I would like to say a resounding thank you once again to everyone who played role in getting our project completed. The city, the mayor and council, the picturesque locations, the photo contributors, the stars, the Brunson and Honeycutt families, and all of the townspeople of Baytown - it truly takes a village. There is no art more collaborative and complex than filmmaking. The people of Baytown are truly a community and we share a deep bond.
And though you can never thank everyone, I had two major (and I do mean major) oversights on the evening of the premiere! The first was Russell Hamman who I began to call “the great connector” as the project continued over 10 months. Russell worked countless hours seeking photos, reaching out to his facebook community, making phone calls, preparing for his interview and conducting library research. Through his efforts, we found people, photos and footage of the Hellfighters and the Brunson that we would not have had otherwise. He was always ready and willing to roll up his sleeves and work toward the goal we all had - which was to honor the theater as best we could. Russell’s tireless work on preserving the history we all share is important to our community.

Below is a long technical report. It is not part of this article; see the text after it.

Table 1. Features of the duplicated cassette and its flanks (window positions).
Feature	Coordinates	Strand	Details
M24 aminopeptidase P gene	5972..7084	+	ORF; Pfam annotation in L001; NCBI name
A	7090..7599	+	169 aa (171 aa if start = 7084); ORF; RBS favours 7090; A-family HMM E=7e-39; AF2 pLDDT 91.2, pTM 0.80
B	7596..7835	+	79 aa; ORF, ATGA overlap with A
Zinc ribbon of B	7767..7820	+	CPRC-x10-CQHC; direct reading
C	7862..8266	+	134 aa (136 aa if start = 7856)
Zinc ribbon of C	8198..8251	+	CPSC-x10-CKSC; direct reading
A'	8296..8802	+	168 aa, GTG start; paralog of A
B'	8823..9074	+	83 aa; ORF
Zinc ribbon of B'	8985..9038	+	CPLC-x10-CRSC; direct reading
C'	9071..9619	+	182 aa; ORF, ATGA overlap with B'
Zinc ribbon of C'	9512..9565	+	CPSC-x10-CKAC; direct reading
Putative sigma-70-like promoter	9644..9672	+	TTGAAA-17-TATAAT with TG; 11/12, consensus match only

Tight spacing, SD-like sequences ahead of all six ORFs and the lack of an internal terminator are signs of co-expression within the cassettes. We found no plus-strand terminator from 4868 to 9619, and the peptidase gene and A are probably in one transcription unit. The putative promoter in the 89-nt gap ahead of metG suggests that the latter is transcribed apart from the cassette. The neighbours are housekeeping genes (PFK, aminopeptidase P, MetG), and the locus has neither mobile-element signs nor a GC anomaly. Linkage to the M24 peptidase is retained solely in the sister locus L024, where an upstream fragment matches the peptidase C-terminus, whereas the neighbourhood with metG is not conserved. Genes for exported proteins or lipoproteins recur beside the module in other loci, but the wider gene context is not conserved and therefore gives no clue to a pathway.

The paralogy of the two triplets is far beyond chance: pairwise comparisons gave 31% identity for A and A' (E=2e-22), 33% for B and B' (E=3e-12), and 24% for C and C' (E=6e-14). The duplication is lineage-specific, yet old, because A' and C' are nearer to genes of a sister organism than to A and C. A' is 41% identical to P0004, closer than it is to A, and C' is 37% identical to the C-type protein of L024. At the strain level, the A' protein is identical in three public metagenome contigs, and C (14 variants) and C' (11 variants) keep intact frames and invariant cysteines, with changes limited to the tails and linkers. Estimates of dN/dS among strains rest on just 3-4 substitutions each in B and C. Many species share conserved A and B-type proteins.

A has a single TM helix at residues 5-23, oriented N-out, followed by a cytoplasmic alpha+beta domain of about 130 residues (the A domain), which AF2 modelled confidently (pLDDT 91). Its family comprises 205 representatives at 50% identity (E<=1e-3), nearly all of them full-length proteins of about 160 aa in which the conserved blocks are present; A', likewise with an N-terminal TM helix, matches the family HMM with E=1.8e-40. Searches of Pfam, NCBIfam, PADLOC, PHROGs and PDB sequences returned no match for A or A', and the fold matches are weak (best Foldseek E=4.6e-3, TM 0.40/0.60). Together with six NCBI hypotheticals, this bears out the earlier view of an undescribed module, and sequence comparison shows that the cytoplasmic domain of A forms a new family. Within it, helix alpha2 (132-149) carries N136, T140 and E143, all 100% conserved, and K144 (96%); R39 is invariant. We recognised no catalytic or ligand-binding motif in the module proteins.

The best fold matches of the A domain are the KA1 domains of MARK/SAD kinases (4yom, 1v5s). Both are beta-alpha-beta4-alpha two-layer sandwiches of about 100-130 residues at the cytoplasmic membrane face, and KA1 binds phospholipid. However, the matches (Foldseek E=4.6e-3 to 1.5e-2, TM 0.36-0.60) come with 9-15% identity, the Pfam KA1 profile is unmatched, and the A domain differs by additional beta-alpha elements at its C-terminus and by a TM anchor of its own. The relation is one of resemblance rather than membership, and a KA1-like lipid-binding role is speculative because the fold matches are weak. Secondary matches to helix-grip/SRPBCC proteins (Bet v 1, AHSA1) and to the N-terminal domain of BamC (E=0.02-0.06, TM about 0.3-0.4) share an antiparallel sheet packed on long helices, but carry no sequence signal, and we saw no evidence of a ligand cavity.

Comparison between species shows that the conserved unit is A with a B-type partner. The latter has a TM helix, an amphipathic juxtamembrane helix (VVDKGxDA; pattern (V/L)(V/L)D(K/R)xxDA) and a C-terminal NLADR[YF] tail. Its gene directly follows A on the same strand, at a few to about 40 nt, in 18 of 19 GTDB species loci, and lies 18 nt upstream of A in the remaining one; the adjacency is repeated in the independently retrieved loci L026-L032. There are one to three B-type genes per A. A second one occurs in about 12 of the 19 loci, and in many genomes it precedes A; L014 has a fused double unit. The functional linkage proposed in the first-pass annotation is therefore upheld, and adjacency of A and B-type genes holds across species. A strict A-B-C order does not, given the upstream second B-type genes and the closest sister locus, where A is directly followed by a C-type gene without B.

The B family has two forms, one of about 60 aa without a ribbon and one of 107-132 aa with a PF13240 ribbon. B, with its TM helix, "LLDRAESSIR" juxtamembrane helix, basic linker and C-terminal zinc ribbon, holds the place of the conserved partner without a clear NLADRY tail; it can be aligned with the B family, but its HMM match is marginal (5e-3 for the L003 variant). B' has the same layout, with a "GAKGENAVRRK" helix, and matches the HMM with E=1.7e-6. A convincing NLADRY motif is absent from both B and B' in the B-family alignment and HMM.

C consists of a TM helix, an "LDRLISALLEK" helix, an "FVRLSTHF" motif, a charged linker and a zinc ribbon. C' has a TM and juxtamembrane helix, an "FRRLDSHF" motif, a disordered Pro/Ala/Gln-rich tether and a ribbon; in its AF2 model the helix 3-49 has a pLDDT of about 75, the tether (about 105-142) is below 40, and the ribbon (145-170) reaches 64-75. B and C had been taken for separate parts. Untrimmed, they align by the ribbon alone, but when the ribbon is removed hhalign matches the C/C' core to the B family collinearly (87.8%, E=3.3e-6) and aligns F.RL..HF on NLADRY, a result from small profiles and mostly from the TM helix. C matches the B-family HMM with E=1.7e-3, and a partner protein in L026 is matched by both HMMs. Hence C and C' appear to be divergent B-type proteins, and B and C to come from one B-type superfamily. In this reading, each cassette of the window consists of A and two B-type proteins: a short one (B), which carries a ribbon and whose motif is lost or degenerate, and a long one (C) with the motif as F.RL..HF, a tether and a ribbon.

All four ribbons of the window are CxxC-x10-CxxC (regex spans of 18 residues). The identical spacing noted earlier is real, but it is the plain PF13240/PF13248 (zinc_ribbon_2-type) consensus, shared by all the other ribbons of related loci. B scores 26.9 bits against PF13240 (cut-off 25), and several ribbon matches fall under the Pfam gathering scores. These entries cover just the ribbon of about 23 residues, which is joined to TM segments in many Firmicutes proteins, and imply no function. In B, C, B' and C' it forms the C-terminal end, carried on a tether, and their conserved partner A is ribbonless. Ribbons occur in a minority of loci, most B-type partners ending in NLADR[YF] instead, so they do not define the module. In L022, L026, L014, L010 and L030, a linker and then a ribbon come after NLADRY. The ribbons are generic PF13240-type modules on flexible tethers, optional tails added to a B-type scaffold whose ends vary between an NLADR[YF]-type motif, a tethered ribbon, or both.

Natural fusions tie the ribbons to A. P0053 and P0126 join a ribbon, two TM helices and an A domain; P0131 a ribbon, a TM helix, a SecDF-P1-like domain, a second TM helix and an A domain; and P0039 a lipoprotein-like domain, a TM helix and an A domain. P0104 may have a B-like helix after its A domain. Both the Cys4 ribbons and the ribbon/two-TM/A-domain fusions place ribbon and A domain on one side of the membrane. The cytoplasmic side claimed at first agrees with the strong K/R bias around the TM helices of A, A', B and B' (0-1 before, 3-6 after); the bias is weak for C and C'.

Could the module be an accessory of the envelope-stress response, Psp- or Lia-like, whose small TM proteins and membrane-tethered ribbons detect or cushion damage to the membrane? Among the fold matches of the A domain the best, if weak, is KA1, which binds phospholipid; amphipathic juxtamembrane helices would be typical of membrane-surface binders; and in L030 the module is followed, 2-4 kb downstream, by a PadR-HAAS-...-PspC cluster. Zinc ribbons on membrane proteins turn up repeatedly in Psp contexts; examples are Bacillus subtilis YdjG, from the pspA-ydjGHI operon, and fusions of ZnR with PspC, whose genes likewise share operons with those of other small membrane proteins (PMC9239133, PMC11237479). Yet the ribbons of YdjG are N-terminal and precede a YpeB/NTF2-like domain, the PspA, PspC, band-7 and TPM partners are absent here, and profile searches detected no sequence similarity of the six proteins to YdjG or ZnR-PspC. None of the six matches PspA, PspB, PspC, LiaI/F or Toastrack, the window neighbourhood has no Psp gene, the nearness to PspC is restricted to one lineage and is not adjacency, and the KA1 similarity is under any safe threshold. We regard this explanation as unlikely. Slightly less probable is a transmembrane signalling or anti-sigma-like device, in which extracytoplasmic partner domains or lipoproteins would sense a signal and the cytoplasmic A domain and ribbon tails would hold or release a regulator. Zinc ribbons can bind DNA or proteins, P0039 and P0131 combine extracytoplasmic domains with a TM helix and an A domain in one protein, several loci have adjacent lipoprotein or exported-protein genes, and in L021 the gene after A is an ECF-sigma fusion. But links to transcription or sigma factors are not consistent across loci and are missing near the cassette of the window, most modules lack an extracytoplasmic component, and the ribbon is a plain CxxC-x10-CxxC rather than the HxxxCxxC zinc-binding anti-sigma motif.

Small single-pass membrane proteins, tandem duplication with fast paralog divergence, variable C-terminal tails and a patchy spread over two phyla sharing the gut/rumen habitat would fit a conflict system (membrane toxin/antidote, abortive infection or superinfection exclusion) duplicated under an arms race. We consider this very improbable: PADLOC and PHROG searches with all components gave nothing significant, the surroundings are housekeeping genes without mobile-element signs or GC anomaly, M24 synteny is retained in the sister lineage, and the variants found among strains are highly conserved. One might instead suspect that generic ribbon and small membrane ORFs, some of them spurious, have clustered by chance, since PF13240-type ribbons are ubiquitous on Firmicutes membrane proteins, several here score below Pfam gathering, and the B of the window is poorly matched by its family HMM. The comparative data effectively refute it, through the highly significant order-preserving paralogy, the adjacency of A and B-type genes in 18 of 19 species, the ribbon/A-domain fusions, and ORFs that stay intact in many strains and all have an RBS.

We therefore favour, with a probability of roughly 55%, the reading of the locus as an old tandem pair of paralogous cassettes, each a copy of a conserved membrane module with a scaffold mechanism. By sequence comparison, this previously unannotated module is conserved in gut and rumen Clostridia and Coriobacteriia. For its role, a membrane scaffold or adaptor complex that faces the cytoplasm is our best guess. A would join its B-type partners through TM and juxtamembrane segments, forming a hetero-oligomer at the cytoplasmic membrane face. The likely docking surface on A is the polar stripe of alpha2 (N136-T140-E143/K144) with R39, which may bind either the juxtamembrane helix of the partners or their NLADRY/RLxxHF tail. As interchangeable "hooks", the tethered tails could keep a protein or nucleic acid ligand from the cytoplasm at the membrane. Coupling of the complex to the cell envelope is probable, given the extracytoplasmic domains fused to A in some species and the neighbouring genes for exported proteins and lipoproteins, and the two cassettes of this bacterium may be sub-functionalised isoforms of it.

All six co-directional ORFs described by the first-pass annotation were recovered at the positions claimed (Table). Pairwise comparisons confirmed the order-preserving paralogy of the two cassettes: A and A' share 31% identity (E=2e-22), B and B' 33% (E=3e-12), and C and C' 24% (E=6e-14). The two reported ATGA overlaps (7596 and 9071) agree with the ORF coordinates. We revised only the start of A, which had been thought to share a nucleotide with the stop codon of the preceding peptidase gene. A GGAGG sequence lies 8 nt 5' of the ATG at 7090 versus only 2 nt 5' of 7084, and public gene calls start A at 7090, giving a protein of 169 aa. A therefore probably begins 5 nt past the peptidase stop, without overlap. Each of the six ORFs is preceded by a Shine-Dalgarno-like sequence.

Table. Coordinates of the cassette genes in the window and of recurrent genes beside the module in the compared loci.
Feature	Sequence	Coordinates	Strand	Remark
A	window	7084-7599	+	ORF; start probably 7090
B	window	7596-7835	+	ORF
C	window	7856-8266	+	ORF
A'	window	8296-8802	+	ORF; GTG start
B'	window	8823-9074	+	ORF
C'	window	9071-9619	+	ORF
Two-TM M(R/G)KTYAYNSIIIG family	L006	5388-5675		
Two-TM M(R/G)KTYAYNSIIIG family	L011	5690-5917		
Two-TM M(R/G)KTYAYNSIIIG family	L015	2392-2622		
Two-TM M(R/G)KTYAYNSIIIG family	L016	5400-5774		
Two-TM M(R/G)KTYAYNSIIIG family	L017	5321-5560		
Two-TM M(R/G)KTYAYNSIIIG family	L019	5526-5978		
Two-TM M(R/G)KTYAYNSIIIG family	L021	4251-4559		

The second is, maybe ironically as I write this, The Baytown Sun. Carol Skewes, David Bloom, Matt Hollis, Christopher James and Wanda Orton all helped with research, photos and putting the word on the street when we needed to reach the community. The Baytown Sun articles were vital breadcrumbs through long past decades providing precious insights, dates, photos, names, ages, cinema ads, and so much more. Like a time machine, it would transport us back in a flash to the 40s, 50s, 60s, 70s and 80s. You simply cannot retrace our history without the journalistic records provided by The Baytown Sun. So, thank you to everyone - named or not - and especially to Russell and the entire staff of The Baytown Sun.
Native of Lakewood